Although East is considered a community, there are communities within communities, families within the large group that is our school. As I entered high school, I was certain that the cliques that plagued Beck would surely infect East as well. My first day of cross-country practice, I was surprised by some of the faces that surrounded me. Girls I would have never expected to run, let alone exercise, girls I heard nasty rumors about, girls I thought I hated, girls that even intimidated me. But after that first season, I found that the stereotypes I had assumed were wrong. Some of these girls even became my best friends. I learned that the dirty and harsh rumor mill that stirs the high school social mix was normally untrue or exaggerated. Most of the time, I had listened to these rumors, even encouraged their growth, as I told more and more people about what I had heard.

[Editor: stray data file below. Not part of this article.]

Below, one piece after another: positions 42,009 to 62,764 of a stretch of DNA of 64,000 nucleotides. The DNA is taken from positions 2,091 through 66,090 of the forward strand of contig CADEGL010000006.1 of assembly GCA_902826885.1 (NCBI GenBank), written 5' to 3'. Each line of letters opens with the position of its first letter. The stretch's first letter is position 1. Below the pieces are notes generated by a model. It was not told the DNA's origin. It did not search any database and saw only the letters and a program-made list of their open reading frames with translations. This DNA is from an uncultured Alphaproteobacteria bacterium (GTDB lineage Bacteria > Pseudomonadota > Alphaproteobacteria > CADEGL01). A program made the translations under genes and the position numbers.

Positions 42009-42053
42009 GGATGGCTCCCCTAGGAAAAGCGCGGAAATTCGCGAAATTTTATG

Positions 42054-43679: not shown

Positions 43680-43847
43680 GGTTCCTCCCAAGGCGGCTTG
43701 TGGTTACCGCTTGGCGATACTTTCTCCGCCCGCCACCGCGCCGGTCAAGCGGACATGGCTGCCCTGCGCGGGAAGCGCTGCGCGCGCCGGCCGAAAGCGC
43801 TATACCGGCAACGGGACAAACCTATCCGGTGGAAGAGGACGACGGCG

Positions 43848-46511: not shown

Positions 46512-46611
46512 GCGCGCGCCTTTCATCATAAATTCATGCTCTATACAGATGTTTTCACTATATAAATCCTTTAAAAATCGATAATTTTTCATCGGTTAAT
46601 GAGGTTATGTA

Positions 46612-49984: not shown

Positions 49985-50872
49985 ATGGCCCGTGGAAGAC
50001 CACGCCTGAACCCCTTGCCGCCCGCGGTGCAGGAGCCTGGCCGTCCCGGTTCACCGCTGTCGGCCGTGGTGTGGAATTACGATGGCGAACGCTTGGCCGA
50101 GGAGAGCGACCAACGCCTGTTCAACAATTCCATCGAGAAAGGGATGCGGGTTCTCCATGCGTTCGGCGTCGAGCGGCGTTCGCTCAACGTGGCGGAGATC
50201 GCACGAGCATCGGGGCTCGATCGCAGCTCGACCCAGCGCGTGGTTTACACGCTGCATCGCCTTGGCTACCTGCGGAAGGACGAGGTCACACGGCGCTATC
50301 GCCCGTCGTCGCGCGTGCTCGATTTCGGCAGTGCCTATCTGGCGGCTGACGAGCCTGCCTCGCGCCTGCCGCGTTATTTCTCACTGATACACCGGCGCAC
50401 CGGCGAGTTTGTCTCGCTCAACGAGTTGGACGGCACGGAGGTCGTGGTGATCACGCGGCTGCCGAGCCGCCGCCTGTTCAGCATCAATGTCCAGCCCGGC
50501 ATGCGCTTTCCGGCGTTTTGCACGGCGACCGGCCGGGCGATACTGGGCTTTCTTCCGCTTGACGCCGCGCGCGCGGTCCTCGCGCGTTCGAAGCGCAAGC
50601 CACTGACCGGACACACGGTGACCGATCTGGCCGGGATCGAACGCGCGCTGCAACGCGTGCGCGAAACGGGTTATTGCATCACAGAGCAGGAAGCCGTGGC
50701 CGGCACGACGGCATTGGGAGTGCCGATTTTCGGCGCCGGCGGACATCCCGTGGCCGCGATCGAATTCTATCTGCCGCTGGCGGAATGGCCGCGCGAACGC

After my first season, I learned that sometimes, even if we don’t judge a book by its cover, we judge a book by the reviews we hear beforehand. Being a student of East, I have learned this lesson, and I am relieved that next year, when I enter college, I will not make the same mistake. East not only demonstrated the mature way in which I should approach new people, but high school taught me that no one ever fits into the stereotypes we assume of our high school peers. I may have learned interesting lessons in chemistry, geometry and English, but it is this life lesson I consider most dear, and most valuable, to my future.